A blog where I post about comics, and occasionally get sidetracked by the goings-on of general pop culture.
Sunday, October 24, 2010
Nola's World (Volume 1)
Changing Moon Mathieu Mariolle, MiniKim & Pop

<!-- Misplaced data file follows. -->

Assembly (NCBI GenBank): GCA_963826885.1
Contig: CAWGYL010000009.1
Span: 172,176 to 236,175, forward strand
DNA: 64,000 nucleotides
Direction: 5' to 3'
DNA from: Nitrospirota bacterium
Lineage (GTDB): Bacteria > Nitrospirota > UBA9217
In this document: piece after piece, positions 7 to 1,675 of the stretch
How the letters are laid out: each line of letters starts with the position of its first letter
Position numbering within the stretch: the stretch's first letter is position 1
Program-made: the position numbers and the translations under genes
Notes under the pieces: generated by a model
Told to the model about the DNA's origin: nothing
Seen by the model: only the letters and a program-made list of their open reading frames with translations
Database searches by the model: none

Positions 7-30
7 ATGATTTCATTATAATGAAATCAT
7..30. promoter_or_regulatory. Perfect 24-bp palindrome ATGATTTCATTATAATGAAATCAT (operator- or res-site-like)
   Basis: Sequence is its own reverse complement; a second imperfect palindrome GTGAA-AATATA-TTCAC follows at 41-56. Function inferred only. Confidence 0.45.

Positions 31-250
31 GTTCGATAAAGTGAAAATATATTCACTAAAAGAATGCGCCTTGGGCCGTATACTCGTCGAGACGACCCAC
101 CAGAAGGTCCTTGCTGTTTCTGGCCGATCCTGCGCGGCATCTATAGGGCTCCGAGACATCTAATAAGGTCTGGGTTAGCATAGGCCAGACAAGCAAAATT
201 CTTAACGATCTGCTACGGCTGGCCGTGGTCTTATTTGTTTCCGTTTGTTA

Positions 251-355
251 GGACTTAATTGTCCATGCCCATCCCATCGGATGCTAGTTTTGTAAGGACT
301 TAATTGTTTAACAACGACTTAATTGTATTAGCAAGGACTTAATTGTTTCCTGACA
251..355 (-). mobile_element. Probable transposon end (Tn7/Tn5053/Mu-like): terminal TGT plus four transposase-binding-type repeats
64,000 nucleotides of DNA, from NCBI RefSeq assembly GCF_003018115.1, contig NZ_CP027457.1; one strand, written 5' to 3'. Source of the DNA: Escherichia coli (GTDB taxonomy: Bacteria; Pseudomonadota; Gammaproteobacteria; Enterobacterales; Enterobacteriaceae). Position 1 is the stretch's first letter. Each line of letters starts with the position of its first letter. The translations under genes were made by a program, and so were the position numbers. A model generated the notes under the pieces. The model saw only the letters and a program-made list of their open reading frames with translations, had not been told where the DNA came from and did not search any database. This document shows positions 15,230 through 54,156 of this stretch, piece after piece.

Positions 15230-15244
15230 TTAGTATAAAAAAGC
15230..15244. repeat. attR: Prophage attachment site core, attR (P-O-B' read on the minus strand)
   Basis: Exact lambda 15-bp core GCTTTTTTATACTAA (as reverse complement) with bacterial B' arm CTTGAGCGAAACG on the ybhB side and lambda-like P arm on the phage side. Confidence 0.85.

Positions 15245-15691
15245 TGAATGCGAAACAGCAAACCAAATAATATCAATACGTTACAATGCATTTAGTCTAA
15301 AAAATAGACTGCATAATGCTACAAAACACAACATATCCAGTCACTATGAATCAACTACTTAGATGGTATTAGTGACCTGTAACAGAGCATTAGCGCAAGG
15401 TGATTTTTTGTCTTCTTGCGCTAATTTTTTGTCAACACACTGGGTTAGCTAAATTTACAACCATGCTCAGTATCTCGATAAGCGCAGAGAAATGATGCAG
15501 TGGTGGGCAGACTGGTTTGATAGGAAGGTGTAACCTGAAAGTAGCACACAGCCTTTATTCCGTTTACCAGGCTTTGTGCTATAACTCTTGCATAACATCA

Originally published in France, Nola's World follows Nola York-Stein, a teen who lives in the beautiful seaside paradise town Alta Donna...resulting in a rather boring existence. Nothing ever happens there, and life has been even lonelier for Nola since her parents divorced. Now, she hardly ever sees her father, who has his own new family to support, and her mother is a workaholic who tends to choose a night out with friends over her own daughter. But her life gets a little more exciting when two new kids show up at school. Nola thinks that something is funny about the brother and sister, and is determined to get to the bottom of things, if anything, for something to do. And it turns out that her hunch is right - they are harboring a secret, one that she couldn't have imagined. While stalking the pair (pretending she's a super-sleuth), Nola inadvertently makes friends with them, enjoying time with self-absorbed Ines, and perhaps developing a crush on Damiano. This is a fun world that Mariolle has created, with plenty of mystery and intrigue, and a good dose of teen angst. But being completely frank, the art is easily the star attraction of this title. Without that eye-popping art, this would be a pretty standard story. Nola's World has been heavily influenced by manga, with characters sometimes surrounded playfully by flowers and hearts, and with emotions clearly depicted by face-long teardrops or skulls. Characters will also do that thing where they get tiny and cuter and more cartoony than they already are. MiniKim arranges the story beautifully, with some quirks to her artwork, like boxy pants and rubbery arms and legs (randomly and for no apparent reason). She produces some very breath-taking scenes and backgrounds, and has some great character designs. But Pop's coloring brings things to a whole new level. Using mostly pastels, Pop makes Nola's World feel really sugary and happy, and very feminine. Nola herself sports cotton candy-pink hair and characters often don bright attire and maneuver through environments rich in color and full of detail, such as shopping malls and amusement parks. In the back of this first volume, the creators go through the process of how their collaboration comes together in the end, with a fine final product. Especially on the art end of things, between the drawing and coloring, the creators are perfect for each other, and the story fits in nicely with what they're capable of producing - a stunning visual treat.